Wrest Park advanced tournament 4-6 July
Roger Tribe won the top block, the second block going to George Collins and third block was won by Gordon Weir.
There were 26 players with a wide range of handicaps, so manager Eric Audsley allocated them into three blocks. Players doing well might find themselves promoted and those doing less well could be relegated. The managerial laptop was working overtime.
The winners were decided on net index points, and the prize for the top block went to Roger Tribe, who won all his eight games. He only allowed his opponent a single point in four of these, two of which were finished with TPs. Andrew Winn (6/8) and Cliff Jones (5/8) led the chase. Nick Parish was the only other player to record a TP in his game against Charles Askew. He also renewed an old acquaintance, playing George Woolhouse for the first time in nine years (in which time, they recalled, they had lost nearly 30 bisques between them). The game was virtually error-free: three of the four lift shots were hit with Nick missing the last one to lose -5.
The second block went to George Collin, who earned a handicap reduction with six wins from seven games, his only loss being a narrow -2 against Cliff. His game against George Woolhouse featured a spectacular finish: with both balls for the peg George pegged one out from near corner three with George W laid up near corner 1 and on his next turn repeated the feat from the reversed position to win +22. Behind George came Peter McDermott (5/6) and George W (5/8). The third block was won by Gordon Weir (5/7) from Mark Homan (6/8).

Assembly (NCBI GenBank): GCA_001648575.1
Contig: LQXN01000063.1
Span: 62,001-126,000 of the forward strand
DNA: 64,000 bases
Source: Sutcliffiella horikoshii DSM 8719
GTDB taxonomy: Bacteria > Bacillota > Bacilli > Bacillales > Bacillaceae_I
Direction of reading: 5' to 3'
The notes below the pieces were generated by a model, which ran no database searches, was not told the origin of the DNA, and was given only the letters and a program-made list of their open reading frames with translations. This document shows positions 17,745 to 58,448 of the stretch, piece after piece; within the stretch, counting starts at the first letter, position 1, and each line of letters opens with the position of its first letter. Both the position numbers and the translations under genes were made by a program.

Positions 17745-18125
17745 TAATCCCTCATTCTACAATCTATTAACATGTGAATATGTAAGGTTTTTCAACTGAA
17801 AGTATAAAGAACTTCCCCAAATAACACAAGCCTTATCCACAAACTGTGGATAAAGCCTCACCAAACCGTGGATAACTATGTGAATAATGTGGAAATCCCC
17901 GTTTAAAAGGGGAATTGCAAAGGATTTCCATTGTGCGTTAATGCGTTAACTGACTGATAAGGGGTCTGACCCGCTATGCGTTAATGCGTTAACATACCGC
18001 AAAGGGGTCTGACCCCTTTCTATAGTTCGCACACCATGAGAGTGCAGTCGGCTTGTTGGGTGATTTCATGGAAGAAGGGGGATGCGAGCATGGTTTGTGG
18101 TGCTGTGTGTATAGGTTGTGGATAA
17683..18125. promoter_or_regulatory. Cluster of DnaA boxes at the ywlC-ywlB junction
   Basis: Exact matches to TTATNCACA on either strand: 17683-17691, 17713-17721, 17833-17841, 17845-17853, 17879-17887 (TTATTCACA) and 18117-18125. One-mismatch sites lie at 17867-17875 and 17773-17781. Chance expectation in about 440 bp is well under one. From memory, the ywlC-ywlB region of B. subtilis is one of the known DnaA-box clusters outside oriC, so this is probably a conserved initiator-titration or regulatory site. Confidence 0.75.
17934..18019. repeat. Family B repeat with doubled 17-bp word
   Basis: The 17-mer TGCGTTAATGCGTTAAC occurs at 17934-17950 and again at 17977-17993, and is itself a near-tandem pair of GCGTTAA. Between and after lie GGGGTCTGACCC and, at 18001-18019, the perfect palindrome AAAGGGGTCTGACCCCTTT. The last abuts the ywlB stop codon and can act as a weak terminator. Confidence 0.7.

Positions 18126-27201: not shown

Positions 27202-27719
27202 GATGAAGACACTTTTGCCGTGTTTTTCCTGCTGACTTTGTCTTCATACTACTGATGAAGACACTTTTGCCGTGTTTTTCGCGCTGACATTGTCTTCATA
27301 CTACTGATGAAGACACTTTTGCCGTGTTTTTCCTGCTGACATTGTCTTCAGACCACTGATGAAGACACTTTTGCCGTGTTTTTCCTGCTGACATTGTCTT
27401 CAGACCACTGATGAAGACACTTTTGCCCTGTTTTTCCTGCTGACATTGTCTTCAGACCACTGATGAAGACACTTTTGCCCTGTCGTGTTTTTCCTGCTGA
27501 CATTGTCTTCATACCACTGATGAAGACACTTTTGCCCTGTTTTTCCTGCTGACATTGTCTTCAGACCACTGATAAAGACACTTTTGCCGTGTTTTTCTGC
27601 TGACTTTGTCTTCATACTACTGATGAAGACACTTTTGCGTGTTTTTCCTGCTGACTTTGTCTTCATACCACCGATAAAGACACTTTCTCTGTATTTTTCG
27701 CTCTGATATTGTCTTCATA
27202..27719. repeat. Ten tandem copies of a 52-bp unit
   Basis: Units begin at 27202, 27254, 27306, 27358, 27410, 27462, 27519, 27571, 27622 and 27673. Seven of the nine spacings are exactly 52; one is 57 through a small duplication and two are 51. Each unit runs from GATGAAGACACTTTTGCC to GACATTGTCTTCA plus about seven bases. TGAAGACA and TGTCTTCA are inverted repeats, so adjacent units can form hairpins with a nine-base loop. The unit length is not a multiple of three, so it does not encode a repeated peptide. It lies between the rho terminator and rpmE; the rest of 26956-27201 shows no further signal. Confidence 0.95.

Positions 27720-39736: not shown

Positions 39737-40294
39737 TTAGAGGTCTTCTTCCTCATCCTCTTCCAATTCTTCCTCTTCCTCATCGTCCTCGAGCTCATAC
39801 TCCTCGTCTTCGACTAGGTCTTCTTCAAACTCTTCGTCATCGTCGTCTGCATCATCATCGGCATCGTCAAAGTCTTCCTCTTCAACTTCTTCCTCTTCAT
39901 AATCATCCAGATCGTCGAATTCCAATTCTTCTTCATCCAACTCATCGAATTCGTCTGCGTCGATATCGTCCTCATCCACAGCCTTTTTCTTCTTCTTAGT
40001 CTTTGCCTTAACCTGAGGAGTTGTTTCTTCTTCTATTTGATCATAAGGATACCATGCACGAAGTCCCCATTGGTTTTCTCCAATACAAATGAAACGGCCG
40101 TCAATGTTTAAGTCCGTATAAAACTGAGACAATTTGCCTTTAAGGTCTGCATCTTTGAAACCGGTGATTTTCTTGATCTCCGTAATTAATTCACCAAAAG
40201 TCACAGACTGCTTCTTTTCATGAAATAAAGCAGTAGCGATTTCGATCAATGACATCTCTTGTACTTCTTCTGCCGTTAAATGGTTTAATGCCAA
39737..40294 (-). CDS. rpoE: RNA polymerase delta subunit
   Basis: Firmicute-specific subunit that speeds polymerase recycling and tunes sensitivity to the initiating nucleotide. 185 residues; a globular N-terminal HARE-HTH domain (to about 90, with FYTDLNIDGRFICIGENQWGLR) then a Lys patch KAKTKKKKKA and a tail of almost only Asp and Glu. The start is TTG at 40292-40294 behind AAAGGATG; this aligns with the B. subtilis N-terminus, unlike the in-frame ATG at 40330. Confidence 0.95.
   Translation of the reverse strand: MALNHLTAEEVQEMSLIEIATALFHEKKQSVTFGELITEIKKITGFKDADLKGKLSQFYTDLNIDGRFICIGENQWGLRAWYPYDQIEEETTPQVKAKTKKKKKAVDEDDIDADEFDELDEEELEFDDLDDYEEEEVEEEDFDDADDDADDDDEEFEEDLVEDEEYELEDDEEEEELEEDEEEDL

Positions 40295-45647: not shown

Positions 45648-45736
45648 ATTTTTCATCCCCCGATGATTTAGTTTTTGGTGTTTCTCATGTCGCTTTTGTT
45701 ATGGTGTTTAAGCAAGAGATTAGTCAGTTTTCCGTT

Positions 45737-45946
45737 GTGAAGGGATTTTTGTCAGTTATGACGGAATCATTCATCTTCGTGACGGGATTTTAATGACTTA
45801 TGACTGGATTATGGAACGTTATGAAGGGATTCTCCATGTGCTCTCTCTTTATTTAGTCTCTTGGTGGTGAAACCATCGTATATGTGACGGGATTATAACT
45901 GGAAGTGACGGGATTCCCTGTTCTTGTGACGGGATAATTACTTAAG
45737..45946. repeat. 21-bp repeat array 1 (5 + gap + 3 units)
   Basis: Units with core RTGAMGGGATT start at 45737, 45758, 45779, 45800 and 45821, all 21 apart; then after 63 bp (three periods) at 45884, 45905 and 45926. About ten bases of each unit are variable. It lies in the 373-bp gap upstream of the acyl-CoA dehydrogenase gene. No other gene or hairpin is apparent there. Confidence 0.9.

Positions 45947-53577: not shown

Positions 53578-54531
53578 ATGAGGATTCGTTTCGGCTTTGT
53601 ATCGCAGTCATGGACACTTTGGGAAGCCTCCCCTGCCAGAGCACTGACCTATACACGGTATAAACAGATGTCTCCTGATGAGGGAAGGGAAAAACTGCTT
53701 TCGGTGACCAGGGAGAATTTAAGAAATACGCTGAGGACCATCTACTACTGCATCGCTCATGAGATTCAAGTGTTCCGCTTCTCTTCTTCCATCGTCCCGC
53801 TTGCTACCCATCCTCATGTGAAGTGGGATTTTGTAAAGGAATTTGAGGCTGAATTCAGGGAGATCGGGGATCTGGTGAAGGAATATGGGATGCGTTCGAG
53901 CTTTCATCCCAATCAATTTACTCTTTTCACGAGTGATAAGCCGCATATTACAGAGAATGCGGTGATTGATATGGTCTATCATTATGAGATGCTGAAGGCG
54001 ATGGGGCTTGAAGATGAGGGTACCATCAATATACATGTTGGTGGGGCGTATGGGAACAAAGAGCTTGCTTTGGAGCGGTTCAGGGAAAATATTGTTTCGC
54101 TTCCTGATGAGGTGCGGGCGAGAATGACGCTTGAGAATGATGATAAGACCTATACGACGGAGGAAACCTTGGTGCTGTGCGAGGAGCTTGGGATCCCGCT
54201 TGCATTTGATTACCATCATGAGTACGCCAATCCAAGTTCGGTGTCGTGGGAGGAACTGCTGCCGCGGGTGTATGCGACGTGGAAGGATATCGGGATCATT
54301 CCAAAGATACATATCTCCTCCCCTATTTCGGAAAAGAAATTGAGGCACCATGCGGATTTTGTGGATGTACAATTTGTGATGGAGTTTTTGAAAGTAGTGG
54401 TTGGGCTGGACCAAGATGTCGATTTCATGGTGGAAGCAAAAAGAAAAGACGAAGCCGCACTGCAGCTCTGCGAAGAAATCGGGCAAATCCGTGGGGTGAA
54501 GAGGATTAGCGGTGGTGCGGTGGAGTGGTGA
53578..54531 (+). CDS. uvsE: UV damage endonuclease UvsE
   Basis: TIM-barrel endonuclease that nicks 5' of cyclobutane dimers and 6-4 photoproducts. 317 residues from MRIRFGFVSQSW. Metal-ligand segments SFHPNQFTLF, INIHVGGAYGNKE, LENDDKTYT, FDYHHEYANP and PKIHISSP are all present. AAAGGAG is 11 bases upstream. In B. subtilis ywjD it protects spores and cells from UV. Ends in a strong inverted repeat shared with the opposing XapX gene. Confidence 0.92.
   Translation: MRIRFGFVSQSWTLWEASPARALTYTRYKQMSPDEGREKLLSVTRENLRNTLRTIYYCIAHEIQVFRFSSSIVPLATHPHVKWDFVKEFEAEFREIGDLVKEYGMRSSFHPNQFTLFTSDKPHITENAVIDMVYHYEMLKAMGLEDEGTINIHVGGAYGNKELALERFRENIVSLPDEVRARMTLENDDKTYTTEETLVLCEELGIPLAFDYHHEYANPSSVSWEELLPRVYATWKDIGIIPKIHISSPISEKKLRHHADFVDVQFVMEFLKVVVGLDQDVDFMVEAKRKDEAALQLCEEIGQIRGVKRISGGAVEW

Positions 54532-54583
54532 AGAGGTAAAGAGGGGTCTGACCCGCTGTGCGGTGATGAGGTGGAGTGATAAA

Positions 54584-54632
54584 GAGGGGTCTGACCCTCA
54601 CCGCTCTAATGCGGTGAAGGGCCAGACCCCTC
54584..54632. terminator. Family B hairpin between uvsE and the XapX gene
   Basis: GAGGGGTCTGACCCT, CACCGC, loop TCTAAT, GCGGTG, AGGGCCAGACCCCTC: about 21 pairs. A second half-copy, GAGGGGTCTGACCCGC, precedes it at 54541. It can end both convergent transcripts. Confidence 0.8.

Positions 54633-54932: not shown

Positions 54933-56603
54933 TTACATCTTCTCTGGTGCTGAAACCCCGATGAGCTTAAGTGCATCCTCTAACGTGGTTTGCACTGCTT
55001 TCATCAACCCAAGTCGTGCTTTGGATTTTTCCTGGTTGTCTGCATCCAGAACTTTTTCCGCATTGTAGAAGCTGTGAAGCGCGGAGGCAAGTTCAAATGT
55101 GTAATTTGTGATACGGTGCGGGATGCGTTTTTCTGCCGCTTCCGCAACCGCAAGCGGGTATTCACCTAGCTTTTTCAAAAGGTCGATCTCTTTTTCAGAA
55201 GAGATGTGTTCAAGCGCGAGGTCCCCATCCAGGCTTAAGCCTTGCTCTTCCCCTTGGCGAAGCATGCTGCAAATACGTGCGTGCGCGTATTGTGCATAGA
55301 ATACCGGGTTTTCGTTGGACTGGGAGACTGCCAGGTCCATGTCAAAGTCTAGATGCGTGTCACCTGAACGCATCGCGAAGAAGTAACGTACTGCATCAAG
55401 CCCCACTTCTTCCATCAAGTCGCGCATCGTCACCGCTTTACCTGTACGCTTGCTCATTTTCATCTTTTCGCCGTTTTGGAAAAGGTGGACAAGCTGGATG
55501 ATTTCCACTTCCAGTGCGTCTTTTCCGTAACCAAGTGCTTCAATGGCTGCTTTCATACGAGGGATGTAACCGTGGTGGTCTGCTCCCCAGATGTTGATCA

A 1pm finish time was imposed on the first round and three and quarter hour limits applied thereafter. Nineteen of the 98 games went to time (Ian Parkinson and Tom Anderson being responsible for half of these) and few games lasted less than three hours, which added to the difficulties of the manager. Sylvia Steer's game against John Lonsdale started after lunch on Friday and lasted until 8pm when John won +1 shortly after Sylvia rushed her ball onto the peg from the third corner. They had either not noticed or forgotten the time limit, and by the time Eric realised what had happened it was too late to put on another game so they were allowed to continue to the bitter end - the last game of the day to finish, in fact.
The length of many of the games leads to the question of how tightly the hoops should be set for an advanced rules event open to a wide range of handicaps. Measurements of hoop width taken four days after the tournament indicated an overall mean clearance (assuming a standard 3 5/8" ball) of 1.12 sixteenths with a range of 0.86 to 1.41, so on the day they were probably a bit on the tight side. One theory is that if players try to play breaks and then give the innings away because they fail hoops, they then try to retrieve the situation by using more defensive tactics, resulting in more drawn-out games.
The weather started brightly on Friday but deteriorated over the weekend, with Sunday morning's games played in continuous light rain and a fresh breeze which thankfully cleared up during the afternoon. Our thanks as always go to all those who got the lawns ready and those who prepared and served the lunches and teas.